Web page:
1. Dear Sam, thank you so much for your wonderful reply, it’s always lovely to hear from you. Yes, the development of the animus/anima are deeply connected to a woman’s relationship with her father, and the anima to a man’s mother. Hmm, perhaps I should of written ‘father-wound’ then.

      I believe Jung often referenced the mythology surrounding the Greek Goddess Athena to describe how a woman became animus-possessed. Her birth being unique in that she did not have a mother. Instead, she was to spring full grown and clad in armour from her father’s (Zeus) forehead.

      I shall check out Schultz von Thunn and his ‘inner team. Thank you, I love exploring new ideas. Ha-ha! So glad you also connected to the humour within the post, cartoon had me chuckling away too! I hope the day finds you well. 🙂 Blessings always, Deborah. 🙂

  9. Well Deborah, I don’t quite know what to say!!! That was an amazing article!!
    I didn’t expect you to write about it so soon, I thought I’d have to wait another month or so.
    I just googled “animus diet” and you know it’s never, ever been written about before, why not write “the book” because it’s a diet that costs a woman nothing yet gives a woman everything. More than everything actually. As you say it’s a win-win situation.
    I recognise my type of animus only wants me to eat one apple a day. He’s definitely getting too big for his boots at the minute but it’s funny I never thought of my masculine side becoming fat but it does makes sense. He also eats the opposite way round to your speedy gonzales wolf animus, more sloth like, my mom is always complaining how slowly I eat my dinner. Wowee!! Seriously think about writing a book on this!
    Lol! I chuckled at the cartoon, it’s funny and a great way of showing us what an inflated animus looks like.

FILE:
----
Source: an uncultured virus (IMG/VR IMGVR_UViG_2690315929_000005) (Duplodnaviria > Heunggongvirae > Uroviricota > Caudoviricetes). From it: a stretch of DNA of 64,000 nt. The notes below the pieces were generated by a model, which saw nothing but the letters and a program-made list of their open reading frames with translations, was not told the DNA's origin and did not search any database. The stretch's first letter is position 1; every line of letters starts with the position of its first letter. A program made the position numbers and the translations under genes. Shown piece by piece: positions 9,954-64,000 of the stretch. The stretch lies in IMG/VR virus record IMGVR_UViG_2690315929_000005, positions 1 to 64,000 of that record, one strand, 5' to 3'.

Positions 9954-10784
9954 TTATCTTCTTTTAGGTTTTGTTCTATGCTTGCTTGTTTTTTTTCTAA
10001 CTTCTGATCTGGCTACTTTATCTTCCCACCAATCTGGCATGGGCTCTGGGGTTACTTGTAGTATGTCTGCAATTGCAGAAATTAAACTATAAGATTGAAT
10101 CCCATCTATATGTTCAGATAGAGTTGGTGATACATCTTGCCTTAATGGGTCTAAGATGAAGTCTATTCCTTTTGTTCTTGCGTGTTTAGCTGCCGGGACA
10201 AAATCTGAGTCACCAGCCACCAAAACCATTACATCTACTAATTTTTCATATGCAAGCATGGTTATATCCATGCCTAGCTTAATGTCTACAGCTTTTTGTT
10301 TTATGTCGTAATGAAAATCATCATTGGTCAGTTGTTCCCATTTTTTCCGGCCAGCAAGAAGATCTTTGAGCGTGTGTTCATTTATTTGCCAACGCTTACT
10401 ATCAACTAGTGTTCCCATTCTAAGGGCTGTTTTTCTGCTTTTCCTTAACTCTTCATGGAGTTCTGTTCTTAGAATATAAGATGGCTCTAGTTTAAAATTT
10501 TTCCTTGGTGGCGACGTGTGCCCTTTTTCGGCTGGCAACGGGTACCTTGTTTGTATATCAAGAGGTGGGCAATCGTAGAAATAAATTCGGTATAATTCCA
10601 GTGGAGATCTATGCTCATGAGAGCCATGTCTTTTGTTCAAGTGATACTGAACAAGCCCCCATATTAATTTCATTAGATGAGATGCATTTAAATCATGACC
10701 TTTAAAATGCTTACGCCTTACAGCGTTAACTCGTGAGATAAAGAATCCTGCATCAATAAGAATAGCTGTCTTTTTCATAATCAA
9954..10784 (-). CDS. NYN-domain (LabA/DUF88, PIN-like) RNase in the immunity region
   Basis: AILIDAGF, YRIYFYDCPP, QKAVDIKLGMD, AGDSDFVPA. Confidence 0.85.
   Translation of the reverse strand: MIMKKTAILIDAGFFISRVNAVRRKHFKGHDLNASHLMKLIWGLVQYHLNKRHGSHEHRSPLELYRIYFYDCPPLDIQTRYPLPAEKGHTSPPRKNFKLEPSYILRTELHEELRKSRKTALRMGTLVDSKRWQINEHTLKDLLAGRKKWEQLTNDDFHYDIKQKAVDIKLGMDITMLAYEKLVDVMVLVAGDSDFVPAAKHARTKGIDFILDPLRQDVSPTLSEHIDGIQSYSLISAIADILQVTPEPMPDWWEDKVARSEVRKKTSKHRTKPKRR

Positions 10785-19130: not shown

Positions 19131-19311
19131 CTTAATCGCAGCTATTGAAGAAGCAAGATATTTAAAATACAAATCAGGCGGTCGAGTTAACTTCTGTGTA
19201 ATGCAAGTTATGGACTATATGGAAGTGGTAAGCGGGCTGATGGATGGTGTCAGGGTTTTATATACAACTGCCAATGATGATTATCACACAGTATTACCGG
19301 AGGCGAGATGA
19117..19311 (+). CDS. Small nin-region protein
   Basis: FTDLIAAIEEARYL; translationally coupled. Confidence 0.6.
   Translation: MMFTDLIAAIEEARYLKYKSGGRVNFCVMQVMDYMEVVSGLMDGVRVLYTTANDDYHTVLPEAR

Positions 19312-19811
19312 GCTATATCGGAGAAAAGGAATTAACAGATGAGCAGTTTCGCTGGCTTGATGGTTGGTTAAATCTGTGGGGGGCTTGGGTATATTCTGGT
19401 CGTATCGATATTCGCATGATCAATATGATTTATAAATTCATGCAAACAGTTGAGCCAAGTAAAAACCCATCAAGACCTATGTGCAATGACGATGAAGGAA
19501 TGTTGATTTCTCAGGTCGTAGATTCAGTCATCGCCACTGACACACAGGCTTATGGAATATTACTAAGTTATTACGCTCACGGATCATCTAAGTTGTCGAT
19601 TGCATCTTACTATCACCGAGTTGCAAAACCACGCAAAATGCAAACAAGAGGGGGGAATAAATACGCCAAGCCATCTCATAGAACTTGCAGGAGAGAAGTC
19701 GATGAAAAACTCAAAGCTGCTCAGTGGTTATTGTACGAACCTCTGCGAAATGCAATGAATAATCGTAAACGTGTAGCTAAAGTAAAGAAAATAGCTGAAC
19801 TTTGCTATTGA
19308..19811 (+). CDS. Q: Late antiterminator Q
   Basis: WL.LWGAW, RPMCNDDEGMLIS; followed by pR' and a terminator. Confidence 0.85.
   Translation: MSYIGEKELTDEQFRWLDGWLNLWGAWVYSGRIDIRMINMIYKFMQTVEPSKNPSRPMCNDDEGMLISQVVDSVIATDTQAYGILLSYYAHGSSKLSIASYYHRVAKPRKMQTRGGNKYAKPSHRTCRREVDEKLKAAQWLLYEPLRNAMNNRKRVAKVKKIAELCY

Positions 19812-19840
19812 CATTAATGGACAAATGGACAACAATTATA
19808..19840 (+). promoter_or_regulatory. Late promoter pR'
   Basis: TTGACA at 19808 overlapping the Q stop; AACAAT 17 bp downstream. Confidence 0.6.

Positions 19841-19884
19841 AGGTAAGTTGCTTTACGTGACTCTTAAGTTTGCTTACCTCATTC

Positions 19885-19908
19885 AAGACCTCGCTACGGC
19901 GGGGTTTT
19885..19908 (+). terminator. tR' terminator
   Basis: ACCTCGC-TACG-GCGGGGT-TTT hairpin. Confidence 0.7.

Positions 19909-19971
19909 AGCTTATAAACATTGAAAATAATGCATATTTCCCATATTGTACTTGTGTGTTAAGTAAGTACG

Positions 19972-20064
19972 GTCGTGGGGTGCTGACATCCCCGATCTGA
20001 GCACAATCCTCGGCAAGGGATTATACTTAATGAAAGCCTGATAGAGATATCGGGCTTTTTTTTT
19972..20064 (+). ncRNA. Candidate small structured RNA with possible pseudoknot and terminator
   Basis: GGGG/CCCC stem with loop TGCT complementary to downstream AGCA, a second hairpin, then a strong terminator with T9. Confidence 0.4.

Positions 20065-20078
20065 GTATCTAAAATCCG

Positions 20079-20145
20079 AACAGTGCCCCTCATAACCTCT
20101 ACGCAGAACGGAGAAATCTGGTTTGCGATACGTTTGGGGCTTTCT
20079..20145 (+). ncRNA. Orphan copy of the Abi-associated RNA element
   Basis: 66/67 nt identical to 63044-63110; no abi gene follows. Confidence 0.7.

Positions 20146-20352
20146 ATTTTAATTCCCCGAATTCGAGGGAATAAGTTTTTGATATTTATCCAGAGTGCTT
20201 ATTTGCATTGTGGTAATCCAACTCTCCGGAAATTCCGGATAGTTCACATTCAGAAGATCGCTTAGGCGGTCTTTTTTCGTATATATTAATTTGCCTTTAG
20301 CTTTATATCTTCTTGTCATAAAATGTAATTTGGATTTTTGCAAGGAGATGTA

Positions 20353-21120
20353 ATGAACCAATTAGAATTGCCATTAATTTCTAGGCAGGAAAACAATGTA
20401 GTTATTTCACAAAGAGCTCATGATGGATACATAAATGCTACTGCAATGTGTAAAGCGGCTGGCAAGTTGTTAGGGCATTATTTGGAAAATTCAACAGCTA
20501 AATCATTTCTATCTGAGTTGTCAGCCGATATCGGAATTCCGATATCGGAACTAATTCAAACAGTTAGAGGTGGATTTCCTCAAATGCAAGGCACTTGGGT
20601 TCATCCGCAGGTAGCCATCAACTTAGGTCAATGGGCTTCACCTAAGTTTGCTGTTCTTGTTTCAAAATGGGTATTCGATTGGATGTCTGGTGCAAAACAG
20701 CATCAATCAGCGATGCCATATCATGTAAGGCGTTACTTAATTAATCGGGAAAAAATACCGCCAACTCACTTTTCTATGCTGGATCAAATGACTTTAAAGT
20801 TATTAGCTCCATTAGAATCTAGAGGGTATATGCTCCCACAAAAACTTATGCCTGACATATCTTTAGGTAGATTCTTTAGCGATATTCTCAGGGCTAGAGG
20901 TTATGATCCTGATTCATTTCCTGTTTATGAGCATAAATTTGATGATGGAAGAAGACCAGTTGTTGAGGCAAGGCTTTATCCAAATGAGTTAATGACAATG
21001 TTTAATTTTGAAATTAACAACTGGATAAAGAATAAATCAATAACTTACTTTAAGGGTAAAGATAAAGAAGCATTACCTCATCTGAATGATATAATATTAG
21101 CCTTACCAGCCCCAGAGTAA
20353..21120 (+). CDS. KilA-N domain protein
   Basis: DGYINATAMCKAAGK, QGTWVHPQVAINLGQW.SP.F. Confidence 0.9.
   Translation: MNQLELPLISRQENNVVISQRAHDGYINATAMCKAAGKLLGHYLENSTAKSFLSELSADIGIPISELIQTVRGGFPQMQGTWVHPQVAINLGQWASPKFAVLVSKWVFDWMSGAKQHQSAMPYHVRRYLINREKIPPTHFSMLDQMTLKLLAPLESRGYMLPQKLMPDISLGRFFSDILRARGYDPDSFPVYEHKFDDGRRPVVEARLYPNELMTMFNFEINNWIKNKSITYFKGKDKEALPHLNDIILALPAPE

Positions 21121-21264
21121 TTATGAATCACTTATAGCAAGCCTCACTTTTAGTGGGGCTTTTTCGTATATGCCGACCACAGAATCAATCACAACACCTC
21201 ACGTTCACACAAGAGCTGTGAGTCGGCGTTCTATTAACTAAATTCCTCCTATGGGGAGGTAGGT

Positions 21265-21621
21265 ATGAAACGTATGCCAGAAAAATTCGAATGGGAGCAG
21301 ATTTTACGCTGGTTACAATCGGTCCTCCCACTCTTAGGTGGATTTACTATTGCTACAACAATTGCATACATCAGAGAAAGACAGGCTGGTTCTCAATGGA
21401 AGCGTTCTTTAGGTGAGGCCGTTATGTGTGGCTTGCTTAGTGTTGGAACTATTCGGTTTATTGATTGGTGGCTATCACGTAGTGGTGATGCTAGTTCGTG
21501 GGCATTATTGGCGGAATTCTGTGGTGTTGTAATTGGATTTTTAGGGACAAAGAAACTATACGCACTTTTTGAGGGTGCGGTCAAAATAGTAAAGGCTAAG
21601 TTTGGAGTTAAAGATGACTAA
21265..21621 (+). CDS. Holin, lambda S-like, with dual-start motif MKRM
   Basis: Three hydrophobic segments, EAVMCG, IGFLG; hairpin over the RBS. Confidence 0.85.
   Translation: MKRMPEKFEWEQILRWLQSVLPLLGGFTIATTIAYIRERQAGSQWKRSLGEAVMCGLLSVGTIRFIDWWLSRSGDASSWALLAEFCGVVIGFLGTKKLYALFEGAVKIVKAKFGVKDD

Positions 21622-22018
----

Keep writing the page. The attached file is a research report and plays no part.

What a great idea sending him off for a weekend with his mates.
    “The wardrobe and the animus” there’s another book, I totally get that! Like many women I’ve kept smaller clothes just in case but to lose more weight I know I would look awful. I need to seriously “plump up my feminine side” I’ve decided and eat more, much more…..this really brings home how unbalanced the animus is in me.
    There’s so much to grasp, I’m going to need to reread this a few more times.
    I think my year of becoming a woman is about to start!!!
    Yay! 2016 for the Animus Diet, excellent piece.

    1. Oh I do love your enthusiasm Claire! Thank you so much for reading and commenting on this article, I fully appreciate it’s a long one. Actually, I think it’s my longest blog post to date. Yes, I wasn’t going to write for another couple of weeks about my ongoing animus diet but today I had an unexpected afternoon, free from work stuff and decided okay, it seems like today’s the day to write that post.

      A book? How terrifying and exciting all at the same time. I did my research and nothing like an ‘Animus Diet’ has been written about before. Hmm, let’s see how it goes. It breaks my heart to hear women say an apple a day is all they can bear to eat, if that. Similarly, when another woman is gorging on food. I feel a woman’s relationship to her body is vital and I’m learning that the animus plays a huge role … more than I ever realised.

      Ha-ha! The cartoon is great. Ah! I said there’s my animus! That’s exactly what’s going on for me “on the inside.” Like an interior picture of my psyche. I desperately need to plump up my feminine side. I love your 2016 “Year of the Woman” challenge, maybe that’s what this article is all about really. If you like do join in and trial the diet with me. I’m keeping a journal to record how the 12 weeks unravel and what I learn about myself during them.

      I’m recording my dreams in the journal too as I search for more insight into my inner-man. For example, last night in my dream, a completely naked man came and sat next to me in an empty chair during a Jungian conference I was attending. Looking forward to seeing more of him in the weeks to come. Warm winter wishes, Deborah.

      1. I’m in complete agreement with Jean, this work is really important.
        A book from your experiences would be amazing!!!
        Ok I’ll tag along, thank goodness it’s not horrible cabbage soup!!
        Honestly Deborah, this kind of diet could change women’s lives forever.
        Maybe a book could be written for the anima too??…….

        1. Ha-ha! ‘Horrible cabbage soup’ … you do make me laugh! Yes, I’ve already thought of the Anima Diet. Both would take lots of work, so maybe a combined book? Have a great day, happy writing dear poet.